This article is by Sightline’s Michael Andersen and Catie Gould.
On Thursday, Oregon approved the largest rollback to parking mandates in modern US history.
The unanimous vote by the state’s land use commission came through an unusual channel: an administrative action, ordered by the governor, that breathed new ambition into the broadly written land use laws that have gradually shaped Oregon for 50 years.
The law in question gives the state board the power to set land use rules that, among other things, “minimize adverse social, economic, and environmental impacts and costs.”
As Sightline has been arguing for decades, including in a new series over the last year, parking mandates create those costs. Lots of them.
Beginning January 1, 2023, Oregon is scheduled to do more to cut those costs than any other US state or Canadian province. In some situations—within a half-mile of relatively frequent transit, for homes of 750 square feet or less, and for homes meeting affordability targets—minimum parking mandates will no longer apply for jurisdictions within Oregon’s eight largest metro areas. This doesn’t prevent parking lots from being built, but it does remove the current prevailing requirements to construct a specific number of stalls: one stall per bedroom, for example, or three per 1,000 square feet of retail space.
Farther from transit, jurisdictions in the state’s eight largest metro areas will have more flexibility in how to gradually make driving less necessary. In all, 48 cities and 5 counties representing about two-thirds of the state’s population are subject to the reforms. By the end of June 2023, the affected cities and urbanized unincorporated areas will need to choose from a branching menu of options on how to manage parking. In every case, jurisdictions will be able to comply simply by making off-street parking fully optional.
The commission did decide to give the Portland metro area a bit of additional flexibility. Its regional government is allowed to come up with its own parking rules, but the state commission must sign off that they are at worst equivalent to the statewide rules.
After several rounds of delays to the reform timeline, the Land Conservation and Development Commission (LCDC) unanimously voted Thursday for the sooner of two deadlines for putting the new rules in place.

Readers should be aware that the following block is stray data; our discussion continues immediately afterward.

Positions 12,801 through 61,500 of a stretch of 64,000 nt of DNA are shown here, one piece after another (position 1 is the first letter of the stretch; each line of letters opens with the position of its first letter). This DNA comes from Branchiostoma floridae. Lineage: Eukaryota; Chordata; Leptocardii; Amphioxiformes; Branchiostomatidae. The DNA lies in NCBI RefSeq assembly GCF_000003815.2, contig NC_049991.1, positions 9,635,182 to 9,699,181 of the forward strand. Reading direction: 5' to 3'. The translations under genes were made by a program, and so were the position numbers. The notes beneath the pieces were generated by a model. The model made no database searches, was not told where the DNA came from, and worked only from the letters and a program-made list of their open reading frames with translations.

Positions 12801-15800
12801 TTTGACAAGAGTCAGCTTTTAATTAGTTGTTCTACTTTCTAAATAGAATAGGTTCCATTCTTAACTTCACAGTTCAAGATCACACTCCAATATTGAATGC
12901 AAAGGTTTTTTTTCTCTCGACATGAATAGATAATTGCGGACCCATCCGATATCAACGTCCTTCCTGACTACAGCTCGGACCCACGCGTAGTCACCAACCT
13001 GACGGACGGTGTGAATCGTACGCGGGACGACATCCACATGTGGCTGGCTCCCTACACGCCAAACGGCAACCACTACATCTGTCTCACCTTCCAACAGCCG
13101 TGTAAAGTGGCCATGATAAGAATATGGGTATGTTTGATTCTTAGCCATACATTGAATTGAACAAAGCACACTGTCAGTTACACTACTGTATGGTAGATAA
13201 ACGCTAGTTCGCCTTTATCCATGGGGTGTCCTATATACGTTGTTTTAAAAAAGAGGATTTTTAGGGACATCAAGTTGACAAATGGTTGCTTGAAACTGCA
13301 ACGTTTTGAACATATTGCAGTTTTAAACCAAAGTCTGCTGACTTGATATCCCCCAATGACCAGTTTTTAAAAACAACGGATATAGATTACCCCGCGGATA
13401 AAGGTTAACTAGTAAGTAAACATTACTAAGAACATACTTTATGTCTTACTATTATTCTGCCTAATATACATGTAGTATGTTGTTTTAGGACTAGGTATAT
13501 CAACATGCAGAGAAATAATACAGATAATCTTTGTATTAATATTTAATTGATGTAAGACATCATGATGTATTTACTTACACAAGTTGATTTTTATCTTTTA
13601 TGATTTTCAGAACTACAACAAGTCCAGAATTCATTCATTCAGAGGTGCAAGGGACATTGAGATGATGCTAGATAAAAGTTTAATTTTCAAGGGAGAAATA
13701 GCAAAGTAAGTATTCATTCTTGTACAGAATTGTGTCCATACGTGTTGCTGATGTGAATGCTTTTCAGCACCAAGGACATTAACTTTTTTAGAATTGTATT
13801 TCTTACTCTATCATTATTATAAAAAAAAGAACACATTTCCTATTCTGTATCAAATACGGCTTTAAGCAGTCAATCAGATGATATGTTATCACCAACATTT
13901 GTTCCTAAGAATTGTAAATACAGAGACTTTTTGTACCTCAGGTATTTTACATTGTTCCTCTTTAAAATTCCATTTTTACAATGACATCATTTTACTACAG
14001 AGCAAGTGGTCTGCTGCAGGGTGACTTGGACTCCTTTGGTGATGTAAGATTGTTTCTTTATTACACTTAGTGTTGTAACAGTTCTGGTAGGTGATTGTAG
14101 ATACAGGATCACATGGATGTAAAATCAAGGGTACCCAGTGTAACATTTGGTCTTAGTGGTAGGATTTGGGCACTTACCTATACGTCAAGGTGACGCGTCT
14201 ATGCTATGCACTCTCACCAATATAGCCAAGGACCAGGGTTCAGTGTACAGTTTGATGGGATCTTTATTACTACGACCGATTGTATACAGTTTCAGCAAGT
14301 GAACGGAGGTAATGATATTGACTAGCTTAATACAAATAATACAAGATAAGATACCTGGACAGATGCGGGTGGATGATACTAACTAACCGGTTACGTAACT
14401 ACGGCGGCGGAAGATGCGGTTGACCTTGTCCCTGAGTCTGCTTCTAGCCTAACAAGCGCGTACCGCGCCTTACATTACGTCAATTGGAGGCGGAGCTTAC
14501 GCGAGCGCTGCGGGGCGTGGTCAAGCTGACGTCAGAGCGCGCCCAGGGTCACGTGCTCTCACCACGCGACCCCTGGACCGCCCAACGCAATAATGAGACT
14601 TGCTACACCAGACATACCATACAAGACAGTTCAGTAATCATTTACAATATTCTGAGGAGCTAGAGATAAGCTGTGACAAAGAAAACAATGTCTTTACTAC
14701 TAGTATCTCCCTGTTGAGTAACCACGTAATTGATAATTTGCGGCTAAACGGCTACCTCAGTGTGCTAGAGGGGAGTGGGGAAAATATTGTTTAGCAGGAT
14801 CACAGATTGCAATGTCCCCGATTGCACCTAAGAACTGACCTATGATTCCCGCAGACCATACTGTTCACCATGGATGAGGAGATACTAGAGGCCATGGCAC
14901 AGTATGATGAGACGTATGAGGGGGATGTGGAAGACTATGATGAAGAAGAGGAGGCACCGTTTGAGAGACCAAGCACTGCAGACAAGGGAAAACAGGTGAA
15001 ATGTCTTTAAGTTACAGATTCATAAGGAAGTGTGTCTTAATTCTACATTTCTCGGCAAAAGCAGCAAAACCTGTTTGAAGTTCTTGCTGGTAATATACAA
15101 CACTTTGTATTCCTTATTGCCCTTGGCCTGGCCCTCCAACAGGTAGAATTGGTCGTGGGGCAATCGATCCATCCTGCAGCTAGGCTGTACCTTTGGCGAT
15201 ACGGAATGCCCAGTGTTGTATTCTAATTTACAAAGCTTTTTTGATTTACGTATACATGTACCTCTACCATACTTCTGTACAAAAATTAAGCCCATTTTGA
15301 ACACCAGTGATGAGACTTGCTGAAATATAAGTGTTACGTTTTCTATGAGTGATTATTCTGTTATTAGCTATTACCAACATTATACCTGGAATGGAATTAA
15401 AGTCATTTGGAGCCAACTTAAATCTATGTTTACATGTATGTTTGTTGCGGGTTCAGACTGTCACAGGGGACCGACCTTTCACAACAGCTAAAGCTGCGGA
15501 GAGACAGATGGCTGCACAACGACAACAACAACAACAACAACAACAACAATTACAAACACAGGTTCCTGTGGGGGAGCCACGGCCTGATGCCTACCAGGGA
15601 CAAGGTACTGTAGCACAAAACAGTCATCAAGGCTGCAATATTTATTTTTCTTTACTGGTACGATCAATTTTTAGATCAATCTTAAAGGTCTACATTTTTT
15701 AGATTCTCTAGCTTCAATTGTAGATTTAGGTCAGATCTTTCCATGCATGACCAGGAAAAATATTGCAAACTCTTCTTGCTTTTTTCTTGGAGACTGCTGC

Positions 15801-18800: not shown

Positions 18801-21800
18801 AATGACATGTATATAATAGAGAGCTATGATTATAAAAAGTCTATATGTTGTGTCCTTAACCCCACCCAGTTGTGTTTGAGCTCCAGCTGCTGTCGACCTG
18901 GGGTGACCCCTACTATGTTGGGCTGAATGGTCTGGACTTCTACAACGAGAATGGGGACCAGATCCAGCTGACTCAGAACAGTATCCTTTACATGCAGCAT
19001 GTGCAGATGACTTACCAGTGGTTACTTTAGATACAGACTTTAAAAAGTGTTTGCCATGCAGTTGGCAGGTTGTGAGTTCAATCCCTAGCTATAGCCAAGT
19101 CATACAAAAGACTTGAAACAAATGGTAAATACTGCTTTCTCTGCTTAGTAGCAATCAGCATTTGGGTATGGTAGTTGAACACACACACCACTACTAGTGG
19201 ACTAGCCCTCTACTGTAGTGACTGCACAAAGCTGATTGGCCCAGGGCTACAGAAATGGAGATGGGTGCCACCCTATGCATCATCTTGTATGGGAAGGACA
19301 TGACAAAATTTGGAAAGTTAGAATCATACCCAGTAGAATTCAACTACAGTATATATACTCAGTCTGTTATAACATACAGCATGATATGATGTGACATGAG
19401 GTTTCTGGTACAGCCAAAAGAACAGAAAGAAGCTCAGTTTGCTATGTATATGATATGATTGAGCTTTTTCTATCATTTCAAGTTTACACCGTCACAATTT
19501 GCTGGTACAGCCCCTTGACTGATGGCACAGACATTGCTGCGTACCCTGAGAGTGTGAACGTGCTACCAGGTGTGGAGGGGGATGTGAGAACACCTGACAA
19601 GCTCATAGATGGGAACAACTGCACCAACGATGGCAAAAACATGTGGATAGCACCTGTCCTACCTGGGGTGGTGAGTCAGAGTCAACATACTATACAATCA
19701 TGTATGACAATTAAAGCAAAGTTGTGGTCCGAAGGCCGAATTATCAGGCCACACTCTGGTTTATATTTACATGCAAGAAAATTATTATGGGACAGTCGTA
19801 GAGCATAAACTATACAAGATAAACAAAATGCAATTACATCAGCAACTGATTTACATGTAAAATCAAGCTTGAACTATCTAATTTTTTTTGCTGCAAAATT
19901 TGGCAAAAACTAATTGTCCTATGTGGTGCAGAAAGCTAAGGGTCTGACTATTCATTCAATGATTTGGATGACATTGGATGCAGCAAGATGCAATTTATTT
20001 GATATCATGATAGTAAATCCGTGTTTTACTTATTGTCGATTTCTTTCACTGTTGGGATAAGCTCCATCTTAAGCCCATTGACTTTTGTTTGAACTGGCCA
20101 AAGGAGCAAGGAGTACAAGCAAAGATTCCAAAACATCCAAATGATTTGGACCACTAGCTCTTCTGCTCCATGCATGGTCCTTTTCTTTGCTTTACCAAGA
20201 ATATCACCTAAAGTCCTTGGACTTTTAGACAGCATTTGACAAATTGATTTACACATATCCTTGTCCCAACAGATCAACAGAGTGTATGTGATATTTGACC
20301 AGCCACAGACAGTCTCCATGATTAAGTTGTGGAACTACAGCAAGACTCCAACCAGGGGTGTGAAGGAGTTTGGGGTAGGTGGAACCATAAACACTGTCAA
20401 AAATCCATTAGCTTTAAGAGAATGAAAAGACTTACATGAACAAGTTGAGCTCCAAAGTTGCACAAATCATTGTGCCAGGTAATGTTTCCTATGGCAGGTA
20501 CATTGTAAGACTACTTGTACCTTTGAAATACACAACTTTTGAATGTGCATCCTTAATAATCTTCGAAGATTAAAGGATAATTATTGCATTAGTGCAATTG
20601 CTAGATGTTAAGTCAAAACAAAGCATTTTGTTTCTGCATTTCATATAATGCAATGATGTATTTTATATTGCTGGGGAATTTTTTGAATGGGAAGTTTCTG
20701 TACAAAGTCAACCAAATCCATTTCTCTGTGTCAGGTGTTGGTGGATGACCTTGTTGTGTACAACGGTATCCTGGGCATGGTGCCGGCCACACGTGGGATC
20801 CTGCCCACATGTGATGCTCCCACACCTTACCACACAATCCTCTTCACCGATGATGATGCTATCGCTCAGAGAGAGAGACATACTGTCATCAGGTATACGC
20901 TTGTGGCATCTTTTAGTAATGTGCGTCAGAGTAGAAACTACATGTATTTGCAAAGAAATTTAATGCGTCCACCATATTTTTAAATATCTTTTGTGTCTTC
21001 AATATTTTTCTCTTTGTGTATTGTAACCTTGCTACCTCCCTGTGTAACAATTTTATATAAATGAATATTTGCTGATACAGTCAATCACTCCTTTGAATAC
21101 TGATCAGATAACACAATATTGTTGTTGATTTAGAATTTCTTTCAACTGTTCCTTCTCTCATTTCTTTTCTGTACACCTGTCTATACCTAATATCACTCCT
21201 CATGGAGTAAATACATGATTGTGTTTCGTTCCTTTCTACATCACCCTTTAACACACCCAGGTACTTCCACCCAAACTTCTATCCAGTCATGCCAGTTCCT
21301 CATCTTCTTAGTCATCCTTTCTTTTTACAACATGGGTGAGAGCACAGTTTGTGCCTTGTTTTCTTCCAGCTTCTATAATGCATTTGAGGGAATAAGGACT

“Science is dictating that we should be acting now,” said Barbara Boyer, an LCDC member and family farmer outside McMinnville, Oregon.
The proposal had drawn support from a coalition of 41 organizations that advocate for affordable housing, the environment, local businesses, and better transportation.
The new parking rules are part of a larger package called “Climate-Friendly and Equitable Communities” that industry groups, including the Oregon Home Builders Association and Oregon Association of Realtors, oppose. Though those groups hadn’t singled out the parking reforms for much criticism, they objected to other parts of the package. Meanwhile, various cities have also objected, arguing that the new rules are too prescriptive and would take considerable resources to implement.
But assuming these new rules survive legal challenge, people looking to build new homes and businesses, or dreaming of renovating an older building, can look forward to deciding for themselves how much parking their property needs. In many cases, it will be the first time since the 1950s that property owners are able to do so.
What will this mean for other Oregonians? Probably not much, for a while. But as the years go by, here are five things they might start to notice.
1. Vacant buildings will come back into use
Employees celebrate the opening of Atlas the Restaurant in a newly renovated historic building in Fayetteville, Arkansas. Until Fayetteville removed commercial parking mandates in 2015, it would have been illegal to use the building as a restaurant without special permission. Photo: Atlas the Restaurant. Used with permission.
One of the most visible ways a passerby might notice the elimination of parking mandates is that formerly vacant buildings might quickly get a makeover. Even in small cities like Fayetteville, Arkansas, city leaders are keeping their local economy vibrant by eliminating parking requirements. Keep your eyes on these types of buildings:
- Historic properties: Buildings constructed prior to parking requirements pose a particular problem for redevelopment. There is often no way these buildings can comply with modern parking mandates without a lengthy and expensive process to get an exception from the city. Oregon’s new parking rules bring these buildings back into play.
- Change-of-use properties: What can someone do with an office building left vacant by a pandemic? Maybe not much, if the parking lot is too small. For decades, cities zoning codes have defined different parking ratios for nearly every type of business.Any time a property owner wants to change a building’s use, they have to check whether the existing parking lot meets the zoning code’s mandates for the intended new use. For example, a retail store might require more parking than an office, and a restaurant more than a retail store. With parking requirements out of the way, business owners who want to adapt will find many more properties available.
2. Businesses will start sharing underused parking lots
How does eliminating parking mandates benefit the numerous half-empty parking lots that already exist? Now freed from parking requirements, owners of these lots can start renting out extra space, creating a virtuous cycle that keeps money in the local economy.